Gradually, slowly, the shoreline became larger, the water shallower, as I looked for a sandbar that would mean relief, sooner rather than later, until finally my foot touched the bottom. I had made it to the other side.
As I walked on the beach, regaining my breath and my centredness, my energy centres were busy processing the experience. My Base chakra was dealing with deep survival fear, or a lack of belief in my right to be here. It was also showing me how alienated I am from raw, wild nature – both Mother Gaia’s and my own.
Sitting on that golden sand, with the green shoulder of Burleigh headland rising majestically behind me, I realised more fully how staying relaxed was absolutely essential for my swimming, and for my healing. Once the tension kicks in, it takes over and I lose both my centredness and my ability to swim effectively.
So when I re-entered the beautiful water for the return swim, I chose to forget about freestyle and just do breaststroke, which meant I could keep my head above water. As I swam out, I realised that just being in deep water was challenging enough for now, let alone swimming in it; so I stopped in the middle of the deep channel. I could feel the familiar exposure, out in the open. I could feel the emotion arising out of my body as my Sacral chakra processed my right to feel. I felt into my fear – of marine predators, of the unseen, unknown – just treading water, feeling into the strong emotion, breathing into it. By and by, as I witnessed it from my centredness, it released from my body, wave after wave ebbing away as new waves flowed up into awareness. After a little while, my mind said, “That’s enough. I should go in now, we probably need to leave soon. I can come back another day.”; but I felt like that was the voice of fear – that if I followed it, I’d be letting myself down. I could feel that I was at some kind of quiet edge, and it felt OK… so instead I chose to stay a little longer, paying more attention to feeling again, witnessing the waves ebb and flow. After another couple of minutes I felt quite relaxed. Without making a conscious choice, I naturally started to swim back.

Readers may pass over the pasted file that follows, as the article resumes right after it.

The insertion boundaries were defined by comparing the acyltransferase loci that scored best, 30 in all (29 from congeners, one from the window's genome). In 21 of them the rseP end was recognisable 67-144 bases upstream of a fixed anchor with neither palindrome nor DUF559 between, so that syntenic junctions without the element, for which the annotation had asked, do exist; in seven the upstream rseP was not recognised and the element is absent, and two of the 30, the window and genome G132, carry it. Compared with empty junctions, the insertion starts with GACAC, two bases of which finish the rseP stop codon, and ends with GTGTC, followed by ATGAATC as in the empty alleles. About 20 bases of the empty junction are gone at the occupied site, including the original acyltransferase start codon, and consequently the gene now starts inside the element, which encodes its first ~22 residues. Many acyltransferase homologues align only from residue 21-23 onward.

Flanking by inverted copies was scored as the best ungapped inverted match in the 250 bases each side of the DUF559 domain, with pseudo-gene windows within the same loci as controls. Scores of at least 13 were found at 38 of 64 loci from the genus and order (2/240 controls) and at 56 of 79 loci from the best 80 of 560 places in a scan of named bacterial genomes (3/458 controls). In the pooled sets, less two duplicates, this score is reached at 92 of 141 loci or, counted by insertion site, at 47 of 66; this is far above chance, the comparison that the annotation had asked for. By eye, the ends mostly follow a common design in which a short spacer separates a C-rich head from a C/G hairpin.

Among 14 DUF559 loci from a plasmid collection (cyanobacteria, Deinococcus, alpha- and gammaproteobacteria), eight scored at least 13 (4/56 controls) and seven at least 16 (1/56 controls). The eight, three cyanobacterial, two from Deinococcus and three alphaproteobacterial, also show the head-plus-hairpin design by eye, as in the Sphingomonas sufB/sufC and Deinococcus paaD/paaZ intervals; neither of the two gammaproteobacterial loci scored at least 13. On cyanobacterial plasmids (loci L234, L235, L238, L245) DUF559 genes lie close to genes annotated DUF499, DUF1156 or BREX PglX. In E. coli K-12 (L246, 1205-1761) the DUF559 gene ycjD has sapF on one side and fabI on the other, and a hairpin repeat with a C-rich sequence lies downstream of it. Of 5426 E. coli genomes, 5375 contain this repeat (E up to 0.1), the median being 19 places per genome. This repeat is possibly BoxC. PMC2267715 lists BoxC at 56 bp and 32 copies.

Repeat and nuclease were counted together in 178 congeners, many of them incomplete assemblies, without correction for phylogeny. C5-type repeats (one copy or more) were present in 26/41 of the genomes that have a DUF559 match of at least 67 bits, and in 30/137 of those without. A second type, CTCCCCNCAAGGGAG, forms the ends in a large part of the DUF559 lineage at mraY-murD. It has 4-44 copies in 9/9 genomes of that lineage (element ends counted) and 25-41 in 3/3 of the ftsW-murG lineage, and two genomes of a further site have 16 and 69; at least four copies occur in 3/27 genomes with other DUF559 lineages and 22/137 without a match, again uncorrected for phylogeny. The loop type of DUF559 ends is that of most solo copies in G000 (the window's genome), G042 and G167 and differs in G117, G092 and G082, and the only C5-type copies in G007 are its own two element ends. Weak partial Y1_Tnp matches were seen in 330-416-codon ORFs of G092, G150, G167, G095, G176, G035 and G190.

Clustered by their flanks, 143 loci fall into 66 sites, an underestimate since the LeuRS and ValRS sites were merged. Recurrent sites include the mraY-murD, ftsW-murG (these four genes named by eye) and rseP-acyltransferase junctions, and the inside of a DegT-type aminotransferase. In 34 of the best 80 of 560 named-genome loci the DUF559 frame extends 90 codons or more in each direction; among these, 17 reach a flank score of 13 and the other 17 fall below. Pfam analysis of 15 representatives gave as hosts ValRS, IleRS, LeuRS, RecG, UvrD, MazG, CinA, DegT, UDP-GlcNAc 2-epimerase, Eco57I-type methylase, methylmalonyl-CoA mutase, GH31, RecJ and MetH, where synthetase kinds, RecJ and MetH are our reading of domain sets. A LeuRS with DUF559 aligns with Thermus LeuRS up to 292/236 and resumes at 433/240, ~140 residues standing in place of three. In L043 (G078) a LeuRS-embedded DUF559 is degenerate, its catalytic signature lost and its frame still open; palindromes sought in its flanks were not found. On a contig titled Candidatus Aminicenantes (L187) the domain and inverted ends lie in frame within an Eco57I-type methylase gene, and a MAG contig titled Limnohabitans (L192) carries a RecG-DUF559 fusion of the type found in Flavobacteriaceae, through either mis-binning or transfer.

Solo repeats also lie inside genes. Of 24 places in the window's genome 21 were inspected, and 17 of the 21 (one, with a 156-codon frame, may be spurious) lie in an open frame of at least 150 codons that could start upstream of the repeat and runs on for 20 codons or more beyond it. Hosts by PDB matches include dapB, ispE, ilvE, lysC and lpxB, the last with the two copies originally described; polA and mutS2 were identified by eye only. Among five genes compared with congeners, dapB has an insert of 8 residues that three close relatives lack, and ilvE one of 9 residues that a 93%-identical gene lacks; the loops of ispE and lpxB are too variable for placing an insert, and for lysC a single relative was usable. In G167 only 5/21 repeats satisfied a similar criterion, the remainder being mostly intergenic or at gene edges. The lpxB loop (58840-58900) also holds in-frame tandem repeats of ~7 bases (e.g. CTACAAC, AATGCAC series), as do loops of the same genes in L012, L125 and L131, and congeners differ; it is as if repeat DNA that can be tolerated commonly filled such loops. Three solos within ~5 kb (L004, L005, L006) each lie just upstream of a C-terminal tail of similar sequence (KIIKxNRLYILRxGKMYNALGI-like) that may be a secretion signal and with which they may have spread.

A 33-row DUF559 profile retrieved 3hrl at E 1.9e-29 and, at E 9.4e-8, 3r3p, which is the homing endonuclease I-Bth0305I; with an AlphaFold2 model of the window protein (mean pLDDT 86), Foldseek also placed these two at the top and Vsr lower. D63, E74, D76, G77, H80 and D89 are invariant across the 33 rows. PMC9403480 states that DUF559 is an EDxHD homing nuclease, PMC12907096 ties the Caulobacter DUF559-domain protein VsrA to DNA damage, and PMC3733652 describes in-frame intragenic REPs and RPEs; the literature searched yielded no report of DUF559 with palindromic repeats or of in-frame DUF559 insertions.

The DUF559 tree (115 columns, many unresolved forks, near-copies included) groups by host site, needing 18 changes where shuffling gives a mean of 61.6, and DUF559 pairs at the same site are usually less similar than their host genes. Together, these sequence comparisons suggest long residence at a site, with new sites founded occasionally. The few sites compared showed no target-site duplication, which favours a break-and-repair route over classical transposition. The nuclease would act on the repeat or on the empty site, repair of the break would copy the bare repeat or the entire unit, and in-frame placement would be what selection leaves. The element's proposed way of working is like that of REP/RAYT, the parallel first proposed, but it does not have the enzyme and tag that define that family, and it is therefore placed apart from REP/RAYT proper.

As I reached the beach again, my partner was in the water and greeted me with a big smile – confirmation that my energy had shifted in a positive way. The lesson was over, for the time being. We had fun and played in the shallower water, the joyful yells of kids nearby.
There’s a part of me who is SO scared by unknown dangers in the depths, both worldly and emotional; but there’s another part of me who doesn’t believe that story – who instead believes that I can be safe, and wants to learn to trust life, to trust myself, to trust Nature; who wants to live adventurously, courageously, curiously – even if living that way carries a perceived risk of pain or death. I think maybe I can live with a balanced risk and a healthy caution in the pursuit of growth, healing and exploration; but I’m sure I can’t LIVE in my fullness with fears that limit my expression and vitality.
What’s your “room to grow”?
Do you challenge yourself? If so, how?
How do you know how far to reach in your challenges?
How do you know when you’ve been successful?
In love & light,